Search
Close this search box.

Recipe for All-Purpose Pizza Dough by Dawn’s Recipes

Table of Contents

Recipe for All-Purpose Pizza Dough by Dawn's Recipes

We’ve outlined all the ingredients and directions for you to make the perfect All-Purpose Pizza Dough. This dish qualifies as a Easy level recipe. It should take you about 1 hr 50 min to make this recipe. The All-Purpose Pizza Dough recipe should make enough food for 2 pounds dough.

You can add your own personal twist to this All-Purpose Pizza Dough recipe, depending on your culture or family tradition. Don’t be scared to add other ingredients once you’ve gotten comfortable with the recipe! Please see below for a list of potential cookware items that might be necessary for this All-Purpose Pizza Dough recipe.

Ingredients for All-Purpose Pizza Dough

  • 1 1/2 teaspoons active dry yeast
  • 1 1/2 cups warm water (about 110˚ F)
  • 2 cups bread flour
  • 1 3/4 cups all-purpose flour, plus more for kneading
  • 2 teaspoons sugar
  • 2 teaspoons kosher salt
  • 2 tablespoons extra-virgin olive oil, plus more for the bowl

Directions for All-Purpose Pizza Dough

  1. Sprinkle the yeast over the hot water in a small bowl. Let stand until dissolved and slightly foamy, 5 to 10 minutes.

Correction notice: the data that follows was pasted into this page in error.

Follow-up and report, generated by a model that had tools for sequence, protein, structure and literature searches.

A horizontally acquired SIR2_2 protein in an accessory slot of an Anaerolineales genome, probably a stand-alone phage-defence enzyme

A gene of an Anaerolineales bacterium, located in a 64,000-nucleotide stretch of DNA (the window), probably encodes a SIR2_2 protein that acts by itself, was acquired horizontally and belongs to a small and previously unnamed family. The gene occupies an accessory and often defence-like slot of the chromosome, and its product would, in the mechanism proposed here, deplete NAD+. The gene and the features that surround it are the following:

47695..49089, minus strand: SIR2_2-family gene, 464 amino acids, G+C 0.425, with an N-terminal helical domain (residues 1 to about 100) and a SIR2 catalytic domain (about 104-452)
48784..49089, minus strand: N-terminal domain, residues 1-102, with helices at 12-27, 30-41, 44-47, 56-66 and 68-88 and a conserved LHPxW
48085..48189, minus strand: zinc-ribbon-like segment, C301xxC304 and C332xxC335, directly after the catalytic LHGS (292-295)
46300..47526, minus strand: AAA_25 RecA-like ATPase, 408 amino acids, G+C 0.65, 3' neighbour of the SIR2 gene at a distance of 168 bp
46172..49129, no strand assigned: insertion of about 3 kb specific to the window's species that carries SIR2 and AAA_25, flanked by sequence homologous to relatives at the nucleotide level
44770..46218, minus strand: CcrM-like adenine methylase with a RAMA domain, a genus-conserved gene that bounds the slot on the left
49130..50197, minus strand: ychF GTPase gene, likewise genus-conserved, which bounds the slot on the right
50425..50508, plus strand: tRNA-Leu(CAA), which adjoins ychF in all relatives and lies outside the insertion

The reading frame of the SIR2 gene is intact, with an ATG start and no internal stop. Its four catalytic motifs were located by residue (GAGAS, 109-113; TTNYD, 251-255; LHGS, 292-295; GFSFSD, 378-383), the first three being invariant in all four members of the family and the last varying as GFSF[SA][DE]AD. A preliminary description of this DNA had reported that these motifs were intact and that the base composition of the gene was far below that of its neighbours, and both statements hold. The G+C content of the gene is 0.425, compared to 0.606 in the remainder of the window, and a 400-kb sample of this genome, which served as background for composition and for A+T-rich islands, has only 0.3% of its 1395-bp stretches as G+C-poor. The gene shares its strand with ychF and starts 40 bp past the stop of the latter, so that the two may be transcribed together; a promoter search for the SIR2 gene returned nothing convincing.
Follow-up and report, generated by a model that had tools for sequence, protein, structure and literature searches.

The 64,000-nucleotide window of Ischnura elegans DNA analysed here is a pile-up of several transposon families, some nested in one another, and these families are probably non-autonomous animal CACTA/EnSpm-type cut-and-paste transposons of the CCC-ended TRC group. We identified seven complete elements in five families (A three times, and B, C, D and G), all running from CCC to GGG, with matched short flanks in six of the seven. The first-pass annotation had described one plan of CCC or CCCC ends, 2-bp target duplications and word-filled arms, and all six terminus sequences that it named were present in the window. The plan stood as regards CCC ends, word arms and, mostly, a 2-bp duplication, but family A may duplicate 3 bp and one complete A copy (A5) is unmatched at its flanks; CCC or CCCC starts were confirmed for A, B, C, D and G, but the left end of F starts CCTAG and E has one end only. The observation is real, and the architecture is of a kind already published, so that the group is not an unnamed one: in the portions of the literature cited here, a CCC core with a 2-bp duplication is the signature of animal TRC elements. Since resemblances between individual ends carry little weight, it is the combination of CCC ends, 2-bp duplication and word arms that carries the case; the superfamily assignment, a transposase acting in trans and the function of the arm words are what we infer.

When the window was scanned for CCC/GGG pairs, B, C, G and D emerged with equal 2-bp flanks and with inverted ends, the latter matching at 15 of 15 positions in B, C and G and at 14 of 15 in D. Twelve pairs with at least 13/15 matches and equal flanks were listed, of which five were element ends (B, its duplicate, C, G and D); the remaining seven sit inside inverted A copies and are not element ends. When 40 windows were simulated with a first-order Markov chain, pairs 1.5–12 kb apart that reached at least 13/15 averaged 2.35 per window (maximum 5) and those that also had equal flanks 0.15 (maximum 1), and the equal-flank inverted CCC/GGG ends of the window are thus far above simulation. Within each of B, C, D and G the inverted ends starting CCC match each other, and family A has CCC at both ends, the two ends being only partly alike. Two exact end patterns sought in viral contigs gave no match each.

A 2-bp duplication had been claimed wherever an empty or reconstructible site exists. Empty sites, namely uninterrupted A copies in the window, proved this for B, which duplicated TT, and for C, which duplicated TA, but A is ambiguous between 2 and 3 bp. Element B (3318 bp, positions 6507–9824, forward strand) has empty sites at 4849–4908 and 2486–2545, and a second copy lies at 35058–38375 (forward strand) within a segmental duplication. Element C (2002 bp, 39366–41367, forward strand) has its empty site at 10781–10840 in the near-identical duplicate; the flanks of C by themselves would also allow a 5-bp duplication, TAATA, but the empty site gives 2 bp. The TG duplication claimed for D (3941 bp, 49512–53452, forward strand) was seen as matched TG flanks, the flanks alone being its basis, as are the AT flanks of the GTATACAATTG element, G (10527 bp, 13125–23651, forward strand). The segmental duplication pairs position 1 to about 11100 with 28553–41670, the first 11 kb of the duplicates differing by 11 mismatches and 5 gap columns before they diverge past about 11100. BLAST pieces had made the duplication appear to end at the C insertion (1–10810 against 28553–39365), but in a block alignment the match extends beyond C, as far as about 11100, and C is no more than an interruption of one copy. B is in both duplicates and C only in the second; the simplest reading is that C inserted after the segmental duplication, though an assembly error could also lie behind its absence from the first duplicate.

2. Meanwhile, whisk the bread flour, all-purpose flour, sugar and salt in a large bowl and make a well in the center. Pour the yeast mixture into the well and add the olive oil. Stir with a wooden spoon until a shaggy dough forms.
  3. Turn the dough out onto a lightly floured surface, dust the dough with flour and knead, dusting with more flour as needed, until very smooth and elastic but still slightly tacky, 3 to 5 minutes.
  4. Transfer the dough to an oiled bowl, turning to coat. Cover with plastic wrap and let rise in a warm place until doubled in size, about 1 1/2 hours. Divide the dough into two 1-pound balls. (If making sheet-pan pizza, let the dough rise, covered, on an 11-by-17-inch rimmed baking sheet coated with 3 tablespoons olive oil instead of in a bowl; do not divide into two balls.)
  5. If not using the dough right away, wrap in plastic and refrigerate for up to 2 days or freeze for up to 3 months. Bring to room temperature before using.